The Nigerian mining sector is bedevilled by a number of problems, chief among which are shady practices that have been identified by various stakeholders and in previous NEITI audit reports. An analysis by PREMIUM TIMES in January revealed that the Nigerian government might have lost about N4 billion in three years, owing to illegal practices and corrupt activities of companies operating in the sector.
The many schemes through which these companies have defrauded the government include non-remittance of revenues, unlicensed mining and evasion of taxes, illegal practices, and incessant smuggling of solid minerals out of the country.
Illegal mining scourge
Most of the mining in Nigeria is carried out illegally. Indeed, the gold deposits in Zamfara State and the tantalite deposits in Kogi State are largely being mined illegally by a ‘cartel’ that mines and carts away the minerals in collaboration with ignorant and vulnerable members of the host communities.
Beyond Zamfara, active illegal mining is going on in Osun, Oyo, Kogi, Jigawa, Plateau, Kwara and Nasarawa States today.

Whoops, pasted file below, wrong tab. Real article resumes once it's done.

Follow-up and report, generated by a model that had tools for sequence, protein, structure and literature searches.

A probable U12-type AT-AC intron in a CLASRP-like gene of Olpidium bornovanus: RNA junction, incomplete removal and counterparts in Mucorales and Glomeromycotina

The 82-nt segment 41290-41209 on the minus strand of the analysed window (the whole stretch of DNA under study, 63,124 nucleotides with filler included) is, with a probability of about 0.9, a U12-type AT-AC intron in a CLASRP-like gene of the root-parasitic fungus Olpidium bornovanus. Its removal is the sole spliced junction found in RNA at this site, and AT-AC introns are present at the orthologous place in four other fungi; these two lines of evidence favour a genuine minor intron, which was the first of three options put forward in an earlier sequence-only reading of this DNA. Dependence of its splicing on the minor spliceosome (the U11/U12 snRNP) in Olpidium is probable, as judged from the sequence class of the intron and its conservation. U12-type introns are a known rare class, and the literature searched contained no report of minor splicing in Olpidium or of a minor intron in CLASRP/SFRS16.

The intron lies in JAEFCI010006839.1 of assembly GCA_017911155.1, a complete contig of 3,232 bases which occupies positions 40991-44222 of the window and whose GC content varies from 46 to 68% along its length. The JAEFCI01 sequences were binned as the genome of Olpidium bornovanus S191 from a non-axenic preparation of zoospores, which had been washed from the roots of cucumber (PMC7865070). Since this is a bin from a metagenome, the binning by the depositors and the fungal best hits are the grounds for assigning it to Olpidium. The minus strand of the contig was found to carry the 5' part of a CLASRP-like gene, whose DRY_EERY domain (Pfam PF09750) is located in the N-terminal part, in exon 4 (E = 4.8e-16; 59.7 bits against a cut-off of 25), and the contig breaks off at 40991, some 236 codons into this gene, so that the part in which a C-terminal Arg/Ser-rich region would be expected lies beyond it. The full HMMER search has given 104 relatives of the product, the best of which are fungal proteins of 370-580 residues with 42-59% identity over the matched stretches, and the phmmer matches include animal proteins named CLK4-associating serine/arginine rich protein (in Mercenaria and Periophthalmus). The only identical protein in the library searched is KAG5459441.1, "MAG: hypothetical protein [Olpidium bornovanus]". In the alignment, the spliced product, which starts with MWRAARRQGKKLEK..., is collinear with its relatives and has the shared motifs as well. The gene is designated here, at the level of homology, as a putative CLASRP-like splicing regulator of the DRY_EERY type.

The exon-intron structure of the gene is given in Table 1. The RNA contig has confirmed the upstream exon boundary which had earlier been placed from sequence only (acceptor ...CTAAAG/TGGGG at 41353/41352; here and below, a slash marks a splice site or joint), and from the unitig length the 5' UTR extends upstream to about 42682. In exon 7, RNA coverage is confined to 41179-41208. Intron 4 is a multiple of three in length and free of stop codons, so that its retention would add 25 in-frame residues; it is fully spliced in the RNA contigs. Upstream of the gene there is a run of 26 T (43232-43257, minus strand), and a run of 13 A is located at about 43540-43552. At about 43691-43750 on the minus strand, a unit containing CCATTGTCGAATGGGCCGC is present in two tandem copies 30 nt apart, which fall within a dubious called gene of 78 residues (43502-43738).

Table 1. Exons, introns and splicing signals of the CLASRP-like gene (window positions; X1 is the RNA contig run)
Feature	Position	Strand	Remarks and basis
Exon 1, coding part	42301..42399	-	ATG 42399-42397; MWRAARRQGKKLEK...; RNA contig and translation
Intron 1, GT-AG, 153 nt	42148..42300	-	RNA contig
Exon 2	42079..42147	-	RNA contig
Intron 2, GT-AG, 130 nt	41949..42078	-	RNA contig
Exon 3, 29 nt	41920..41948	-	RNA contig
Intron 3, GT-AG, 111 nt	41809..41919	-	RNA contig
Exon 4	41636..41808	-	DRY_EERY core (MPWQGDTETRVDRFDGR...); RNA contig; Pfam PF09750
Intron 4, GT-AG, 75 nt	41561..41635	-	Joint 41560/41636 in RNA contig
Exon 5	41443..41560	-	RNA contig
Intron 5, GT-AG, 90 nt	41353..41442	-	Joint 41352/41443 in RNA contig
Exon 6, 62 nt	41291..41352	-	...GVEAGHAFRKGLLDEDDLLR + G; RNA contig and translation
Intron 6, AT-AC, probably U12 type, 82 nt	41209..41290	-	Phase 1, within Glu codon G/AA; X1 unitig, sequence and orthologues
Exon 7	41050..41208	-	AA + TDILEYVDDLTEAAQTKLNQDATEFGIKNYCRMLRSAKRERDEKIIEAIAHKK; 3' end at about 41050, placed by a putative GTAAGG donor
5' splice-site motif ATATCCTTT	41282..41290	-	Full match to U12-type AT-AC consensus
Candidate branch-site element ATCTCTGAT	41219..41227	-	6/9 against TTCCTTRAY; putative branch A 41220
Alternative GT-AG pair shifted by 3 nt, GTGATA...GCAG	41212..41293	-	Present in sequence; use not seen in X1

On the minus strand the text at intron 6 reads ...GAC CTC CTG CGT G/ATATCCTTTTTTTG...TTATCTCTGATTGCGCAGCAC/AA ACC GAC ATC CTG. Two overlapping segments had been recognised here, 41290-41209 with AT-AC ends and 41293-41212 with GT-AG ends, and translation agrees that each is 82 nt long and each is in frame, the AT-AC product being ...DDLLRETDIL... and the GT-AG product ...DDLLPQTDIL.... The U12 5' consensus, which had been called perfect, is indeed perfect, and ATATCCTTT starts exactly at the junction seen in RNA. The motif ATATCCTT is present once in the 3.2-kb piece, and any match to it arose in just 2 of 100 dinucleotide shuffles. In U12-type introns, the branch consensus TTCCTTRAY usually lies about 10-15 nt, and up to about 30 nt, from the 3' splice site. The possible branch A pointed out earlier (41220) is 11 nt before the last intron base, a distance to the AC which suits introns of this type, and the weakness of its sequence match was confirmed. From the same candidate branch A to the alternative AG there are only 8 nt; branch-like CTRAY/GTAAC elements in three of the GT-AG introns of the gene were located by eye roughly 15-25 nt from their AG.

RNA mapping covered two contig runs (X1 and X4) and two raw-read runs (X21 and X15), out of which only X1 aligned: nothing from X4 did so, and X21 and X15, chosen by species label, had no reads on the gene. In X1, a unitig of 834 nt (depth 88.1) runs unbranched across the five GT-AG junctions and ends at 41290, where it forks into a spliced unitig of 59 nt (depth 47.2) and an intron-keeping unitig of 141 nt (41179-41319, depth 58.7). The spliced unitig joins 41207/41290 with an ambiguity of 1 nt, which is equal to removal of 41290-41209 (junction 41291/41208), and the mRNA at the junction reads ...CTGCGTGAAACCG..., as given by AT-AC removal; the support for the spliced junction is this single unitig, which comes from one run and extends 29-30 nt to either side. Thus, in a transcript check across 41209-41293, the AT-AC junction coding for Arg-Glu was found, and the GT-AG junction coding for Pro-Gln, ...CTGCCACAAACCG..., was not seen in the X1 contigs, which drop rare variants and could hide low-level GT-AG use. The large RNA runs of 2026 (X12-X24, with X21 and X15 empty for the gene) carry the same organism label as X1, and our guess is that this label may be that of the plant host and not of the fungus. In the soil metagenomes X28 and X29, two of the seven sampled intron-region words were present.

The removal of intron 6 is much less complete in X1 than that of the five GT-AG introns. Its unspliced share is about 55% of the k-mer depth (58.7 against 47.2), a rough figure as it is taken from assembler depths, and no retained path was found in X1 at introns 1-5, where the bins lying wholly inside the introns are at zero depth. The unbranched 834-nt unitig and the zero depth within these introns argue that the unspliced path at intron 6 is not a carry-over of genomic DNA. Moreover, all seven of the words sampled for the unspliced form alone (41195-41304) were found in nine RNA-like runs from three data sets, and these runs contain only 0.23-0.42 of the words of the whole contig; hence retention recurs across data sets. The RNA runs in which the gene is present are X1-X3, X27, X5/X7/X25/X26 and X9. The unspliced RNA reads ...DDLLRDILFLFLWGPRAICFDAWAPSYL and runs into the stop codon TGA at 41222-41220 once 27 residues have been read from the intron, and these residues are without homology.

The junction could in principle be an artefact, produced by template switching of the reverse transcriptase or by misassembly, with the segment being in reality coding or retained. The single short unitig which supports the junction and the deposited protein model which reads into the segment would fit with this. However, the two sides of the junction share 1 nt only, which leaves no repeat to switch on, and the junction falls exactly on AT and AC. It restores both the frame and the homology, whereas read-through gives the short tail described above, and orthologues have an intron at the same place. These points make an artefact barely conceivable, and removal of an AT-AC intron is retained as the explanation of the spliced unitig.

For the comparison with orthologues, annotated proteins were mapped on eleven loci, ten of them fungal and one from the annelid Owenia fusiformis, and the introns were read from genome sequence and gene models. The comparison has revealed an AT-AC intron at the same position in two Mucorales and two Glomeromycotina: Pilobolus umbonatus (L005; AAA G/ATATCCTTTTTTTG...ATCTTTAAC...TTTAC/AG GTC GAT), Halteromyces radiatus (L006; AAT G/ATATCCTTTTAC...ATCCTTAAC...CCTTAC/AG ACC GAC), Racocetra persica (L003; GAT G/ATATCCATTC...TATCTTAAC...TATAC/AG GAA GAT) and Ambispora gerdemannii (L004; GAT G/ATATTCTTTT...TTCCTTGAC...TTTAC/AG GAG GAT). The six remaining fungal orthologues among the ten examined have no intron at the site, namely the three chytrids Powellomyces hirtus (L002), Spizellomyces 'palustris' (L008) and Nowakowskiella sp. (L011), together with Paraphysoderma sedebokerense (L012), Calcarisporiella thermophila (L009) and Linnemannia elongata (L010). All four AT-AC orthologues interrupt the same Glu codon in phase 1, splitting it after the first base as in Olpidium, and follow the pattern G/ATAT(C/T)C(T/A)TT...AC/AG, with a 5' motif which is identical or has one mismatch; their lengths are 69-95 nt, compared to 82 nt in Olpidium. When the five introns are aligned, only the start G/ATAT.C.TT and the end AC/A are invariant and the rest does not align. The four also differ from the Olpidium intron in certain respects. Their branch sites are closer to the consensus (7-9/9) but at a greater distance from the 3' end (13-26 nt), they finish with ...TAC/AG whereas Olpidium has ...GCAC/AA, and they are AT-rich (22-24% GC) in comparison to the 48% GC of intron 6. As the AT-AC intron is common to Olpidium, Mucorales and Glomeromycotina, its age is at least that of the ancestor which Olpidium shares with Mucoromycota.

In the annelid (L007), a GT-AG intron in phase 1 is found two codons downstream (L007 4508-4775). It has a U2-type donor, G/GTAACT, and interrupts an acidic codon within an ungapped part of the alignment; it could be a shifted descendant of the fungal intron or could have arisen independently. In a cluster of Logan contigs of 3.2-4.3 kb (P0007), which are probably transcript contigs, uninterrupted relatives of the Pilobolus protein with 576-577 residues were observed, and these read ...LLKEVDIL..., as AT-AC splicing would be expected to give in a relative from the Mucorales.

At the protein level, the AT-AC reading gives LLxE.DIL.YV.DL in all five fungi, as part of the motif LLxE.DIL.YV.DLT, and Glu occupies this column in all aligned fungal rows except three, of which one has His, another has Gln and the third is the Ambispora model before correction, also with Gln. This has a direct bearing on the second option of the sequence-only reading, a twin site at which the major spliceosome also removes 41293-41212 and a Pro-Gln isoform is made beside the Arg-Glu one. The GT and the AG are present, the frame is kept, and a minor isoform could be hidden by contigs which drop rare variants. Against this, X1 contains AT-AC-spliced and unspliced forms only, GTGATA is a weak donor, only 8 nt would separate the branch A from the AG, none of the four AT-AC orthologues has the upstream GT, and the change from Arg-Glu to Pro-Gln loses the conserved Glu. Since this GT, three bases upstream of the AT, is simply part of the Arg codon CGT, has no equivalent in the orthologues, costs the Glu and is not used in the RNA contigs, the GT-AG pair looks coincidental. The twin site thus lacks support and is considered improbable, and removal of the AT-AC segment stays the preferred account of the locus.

An investigation by PREMIUM TIMES in December 2019 exposed how illegal mining thrives in Osun State even with the support of the police and local community chiefs.
The December investigation showed that when the federal government ordered a stop to illegal mining in the north-west state of Zamfara in April 2019, most of the non-licenced miners simply moved about 700 kilometres southwest and relocated to Ilesha, Osun State to continue their illegal business.
Findings by PREMIUM TIMES showed that the illegal miners were still operating, joined in the illegal business by foreigners, especially Chinese nationals.
On Sunday, the Osun government announced the arrest of 17 Chinese men and some Nigerians including a traditional ruler for illegal mining.